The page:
We have also prioritized economic research to strengthen economic debate and promote evidence-based decision-making. For example, IDRC helped launch the Nairobi-based African Economic Research Consortium. Now an independent public organization, the Consortium is addressing the shortage of policy-oriented economic researchers in sub-Saharan Africa. Hundreds have graduated from the Consortium’s master’s and doctoral programs, and they now form a cadre of influential economists who contribute to their national economies from within the region’s governments, private sector, and universities.

Digital solution for peace

Researchers discovered that a deadly conflict in 2012 between farmers and nomadic herders in Kenya was fuelled largely by rumours. To prevent a repeat occurrence, Canada’s Sentinel Project and Nairobi’s iHub technology incubator launched “Una Hakika”, a mobile application that enables communities to report, track, and verify rumours. The application has reached approximately 45,000 beneficiaries in Tana Delta and is being scaled in Lamu County and Nairobi to reach approximately 1 million people.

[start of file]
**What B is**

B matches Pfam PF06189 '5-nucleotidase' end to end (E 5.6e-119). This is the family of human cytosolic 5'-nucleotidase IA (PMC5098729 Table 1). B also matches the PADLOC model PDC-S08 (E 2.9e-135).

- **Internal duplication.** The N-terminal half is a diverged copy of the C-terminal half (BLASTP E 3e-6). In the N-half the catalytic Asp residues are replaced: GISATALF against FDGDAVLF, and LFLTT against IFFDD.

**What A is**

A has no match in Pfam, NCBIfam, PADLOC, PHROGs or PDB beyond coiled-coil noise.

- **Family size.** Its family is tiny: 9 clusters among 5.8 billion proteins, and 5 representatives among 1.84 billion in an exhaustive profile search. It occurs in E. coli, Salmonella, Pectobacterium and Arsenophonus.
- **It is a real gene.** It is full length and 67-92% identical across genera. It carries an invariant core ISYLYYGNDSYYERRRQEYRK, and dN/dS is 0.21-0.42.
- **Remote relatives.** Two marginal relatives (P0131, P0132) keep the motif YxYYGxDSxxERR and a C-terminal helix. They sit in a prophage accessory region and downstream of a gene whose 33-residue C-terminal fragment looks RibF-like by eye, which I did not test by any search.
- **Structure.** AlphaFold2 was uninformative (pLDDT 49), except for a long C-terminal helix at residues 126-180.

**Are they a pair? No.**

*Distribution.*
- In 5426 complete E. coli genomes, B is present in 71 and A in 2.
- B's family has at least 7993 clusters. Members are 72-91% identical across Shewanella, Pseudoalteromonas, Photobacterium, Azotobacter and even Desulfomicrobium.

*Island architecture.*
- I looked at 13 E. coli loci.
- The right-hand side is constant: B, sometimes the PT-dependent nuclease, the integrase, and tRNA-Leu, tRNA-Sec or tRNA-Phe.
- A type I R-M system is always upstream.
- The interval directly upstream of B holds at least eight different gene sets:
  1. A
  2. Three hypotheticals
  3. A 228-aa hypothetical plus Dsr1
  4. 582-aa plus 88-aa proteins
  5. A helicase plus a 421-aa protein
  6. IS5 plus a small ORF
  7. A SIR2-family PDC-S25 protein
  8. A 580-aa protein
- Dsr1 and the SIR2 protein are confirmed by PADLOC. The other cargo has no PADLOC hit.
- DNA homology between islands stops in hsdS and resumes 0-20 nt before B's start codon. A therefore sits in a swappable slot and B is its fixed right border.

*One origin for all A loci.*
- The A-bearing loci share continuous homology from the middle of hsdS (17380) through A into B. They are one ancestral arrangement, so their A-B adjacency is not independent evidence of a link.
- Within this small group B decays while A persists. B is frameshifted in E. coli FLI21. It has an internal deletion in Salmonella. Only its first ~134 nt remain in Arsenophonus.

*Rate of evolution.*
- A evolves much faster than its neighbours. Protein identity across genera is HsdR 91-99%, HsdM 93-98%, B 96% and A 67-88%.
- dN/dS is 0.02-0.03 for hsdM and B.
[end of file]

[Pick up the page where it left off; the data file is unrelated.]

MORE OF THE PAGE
Evidence-based policy for health

Research on the impact of communications and information technologies is strengthening Kenya’s health system. Thanks to our funding, the Kenya Medical Research Institute has generated the evidence needed by the Ministry of Health to revise the national e-Health strategy, develop the first-ever e-Health policy, and establish mobile health, or m-health, standards and guidelines. These health interventions are now better regulated to protect patient information and advance patient health. 

Total IDRC Support

604 research activities worth CAD142.1 million since 1972

Kenya scientist making calculations.

Our support is helping

  • improve access to justice for 1.5 million people in Nairobi’s informal settlements
  • address health inequities and examine the feasibility of e-Health in Kenya
  • restore and expand Kenya’s capacity to conduct high-quality policy-relevant research